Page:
December 2nd, 2008 | Published in Google Open Source
You never know where an experiment will lead you. When we launched the Google Highly Open Participation Contest™, we weren't sure how many pre-university students would be eager to participate in Open Source development. We weren't sure what kind of work would be most useful to the participating Open Source projects and most compelling to our student contestants. Of course, we were delighted when the first GHOP was a rousing success.
A few weeks later, Titus Brown, the Python Software Foundation's (PSF) GHOP administrator, wrote to let us know of another success story. He'd be mentoring Rachel McCreary for her Google Summer of Code ™ project to improve Pygr, a graph database interface written in Python. Rachel's inspiration to apply for Summer of Code? Her little sister had recently participated in GHOP, working with the PSF.
Rachel did quite well in her project. So well, in fact, that she was invited to attend 7th Annual Python in Science Conference (SciPy 2008), held from August 19 – 24 at Caltech in Pasadena, California, USA, to meet up with her fellow Pygr developers. Rachel was kind enough to send us this report:
The conference provided a great opportunity to learn about the various ways Python is used in scientific applications. As a newcomer to this field, I was overwhelmed by the diverse and incredibly active Open Source community. Several of the conference attendees had new and innovative ways to incorporate Python into their work, and I spent the majority of the breaks and lunches learning about the impressive accomplishments of my fellow conference attendees.
Even more exciting than the tutorials were the presentations held on the final two days of the conference. While all were interesting and informative, my personal favorite was the NetworkX presentation. NetworkX is tool that analyzes networks by manipulating basic graph and data structures, and performing numerous computations on the analyses. One of the applications of NetworkX is the prediction of disease outbreaks, and since I am a total epidemiology geek, I was fascinated.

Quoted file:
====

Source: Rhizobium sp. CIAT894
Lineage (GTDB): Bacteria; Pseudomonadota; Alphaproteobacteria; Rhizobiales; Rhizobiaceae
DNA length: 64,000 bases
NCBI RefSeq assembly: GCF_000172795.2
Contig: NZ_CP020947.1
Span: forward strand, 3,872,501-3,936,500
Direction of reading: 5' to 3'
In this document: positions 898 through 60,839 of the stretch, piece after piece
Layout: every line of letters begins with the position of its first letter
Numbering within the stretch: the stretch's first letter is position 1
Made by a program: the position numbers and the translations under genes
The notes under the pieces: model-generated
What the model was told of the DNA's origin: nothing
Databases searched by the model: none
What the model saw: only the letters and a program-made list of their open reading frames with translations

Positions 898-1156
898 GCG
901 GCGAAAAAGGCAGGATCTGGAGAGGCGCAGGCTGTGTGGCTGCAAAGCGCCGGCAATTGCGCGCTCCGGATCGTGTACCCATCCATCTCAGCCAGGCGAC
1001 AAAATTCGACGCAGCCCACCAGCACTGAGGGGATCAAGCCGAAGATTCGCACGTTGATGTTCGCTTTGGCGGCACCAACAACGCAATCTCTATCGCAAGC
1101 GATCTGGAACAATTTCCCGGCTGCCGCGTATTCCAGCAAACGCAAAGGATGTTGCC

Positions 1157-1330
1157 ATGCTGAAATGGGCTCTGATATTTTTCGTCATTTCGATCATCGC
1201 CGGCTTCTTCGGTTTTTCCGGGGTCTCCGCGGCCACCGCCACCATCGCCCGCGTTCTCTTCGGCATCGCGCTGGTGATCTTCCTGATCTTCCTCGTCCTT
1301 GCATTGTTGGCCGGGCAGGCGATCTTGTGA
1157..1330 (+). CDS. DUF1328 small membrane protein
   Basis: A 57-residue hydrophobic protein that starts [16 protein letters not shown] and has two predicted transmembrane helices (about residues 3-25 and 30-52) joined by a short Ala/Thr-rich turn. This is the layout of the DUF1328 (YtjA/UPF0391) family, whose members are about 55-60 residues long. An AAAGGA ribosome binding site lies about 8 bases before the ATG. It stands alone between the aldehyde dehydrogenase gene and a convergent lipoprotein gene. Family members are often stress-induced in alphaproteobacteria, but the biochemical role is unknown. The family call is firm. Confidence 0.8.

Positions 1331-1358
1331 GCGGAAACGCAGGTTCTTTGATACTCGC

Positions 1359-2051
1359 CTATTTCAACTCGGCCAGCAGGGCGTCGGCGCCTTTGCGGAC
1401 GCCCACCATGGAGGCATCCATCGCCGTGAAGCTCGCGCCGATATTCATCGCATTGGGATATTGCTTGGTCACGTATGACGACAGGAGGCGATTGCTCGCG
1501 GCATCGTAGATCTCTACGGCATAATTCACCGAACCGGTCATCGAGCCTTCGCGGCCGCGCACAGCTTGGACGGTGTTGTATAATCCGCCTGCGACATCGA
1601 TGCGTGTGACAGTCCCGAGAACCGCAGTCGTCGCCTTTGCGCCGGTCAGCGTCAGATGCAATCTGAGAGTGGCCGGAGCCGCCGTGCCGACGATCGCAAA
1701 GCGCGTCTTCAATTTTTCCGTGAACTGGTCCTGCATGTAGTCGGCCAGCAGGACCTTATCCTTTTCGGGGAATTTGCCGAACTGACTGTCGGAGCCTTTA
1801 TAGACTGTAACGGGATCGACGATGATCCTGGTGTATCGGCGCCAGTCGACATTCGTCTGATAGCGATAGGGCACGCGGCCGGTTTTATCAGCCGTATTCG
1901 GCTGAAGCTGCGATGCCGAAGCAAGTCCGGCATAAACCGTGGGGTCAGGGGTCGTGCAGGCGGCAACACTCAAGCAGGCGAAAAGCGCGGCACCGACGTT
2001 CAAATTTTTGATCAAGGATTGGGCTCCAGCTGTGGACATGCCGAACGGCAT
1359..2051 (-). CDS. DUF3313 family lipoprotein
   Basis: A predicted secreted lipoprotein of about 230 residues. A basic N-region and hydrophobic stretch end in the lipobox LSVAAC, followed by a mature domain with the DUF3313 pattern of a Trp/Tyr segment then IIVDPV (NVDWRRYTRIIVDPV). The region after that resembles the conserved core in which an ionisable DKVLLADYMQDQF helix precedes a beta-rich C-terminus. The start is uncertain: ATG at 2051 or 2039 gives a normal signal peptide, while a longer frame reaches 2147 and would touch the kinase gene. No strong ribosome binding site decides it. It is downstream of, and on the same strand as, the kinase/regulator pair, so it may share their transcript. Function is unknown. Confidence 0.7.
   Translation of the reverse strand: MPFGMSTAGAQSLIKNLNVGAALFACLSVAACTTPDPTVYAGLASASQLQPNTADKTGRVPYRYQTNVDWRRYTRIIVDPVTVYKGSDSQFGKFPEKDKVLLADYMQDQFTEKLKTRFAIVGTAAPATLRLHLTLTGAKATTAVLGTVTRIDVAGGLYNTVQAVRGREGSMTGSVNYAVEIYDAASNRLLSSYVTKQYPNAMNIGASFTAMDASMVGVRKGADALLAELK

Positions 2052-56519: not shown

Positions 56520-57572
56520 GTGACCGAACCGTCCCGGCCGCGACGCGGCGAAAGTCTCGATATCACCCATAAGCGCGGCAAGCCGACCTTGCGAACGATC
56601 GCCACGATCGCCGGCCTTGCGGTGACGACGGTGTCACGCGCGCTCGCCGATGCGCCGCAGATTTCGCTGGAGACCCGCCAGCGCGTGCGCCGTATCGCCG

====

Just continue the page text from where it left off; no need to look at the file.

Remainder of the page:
Furthermore, several members of the Pygr project were on hand that week, which provided an ample opportunity for the project team to discuss the successes of my summer project, review code, and plan for the future. It was wonderful to finally put faces to names, and my Google Summer of Code project was presented to the group. As I am the least skilled member of the Pygr clan, I benefited tremendously from observing my fellow developers demonstrate and explain the most efficient ways to improve and utilize Pygr. I plan to continue working on Pygr despite the conclusion of my project, and the sprint helped me to find tasks to focus on in the future.
While SciPy has long been over, the conference had an unexpected impact on me. Once school started back up, as my research advisor assigned me a new bioinformatics computing project, which clearly needs some NumPy love. Luckily, I’ve had just the introduction I need to dive right in!
Many thanks to Rachel for the report. If you feel like sharing your own Summer of Code or Highly Open Participation Contest success stories, we would love to hear from you. Post a comment and share your joys.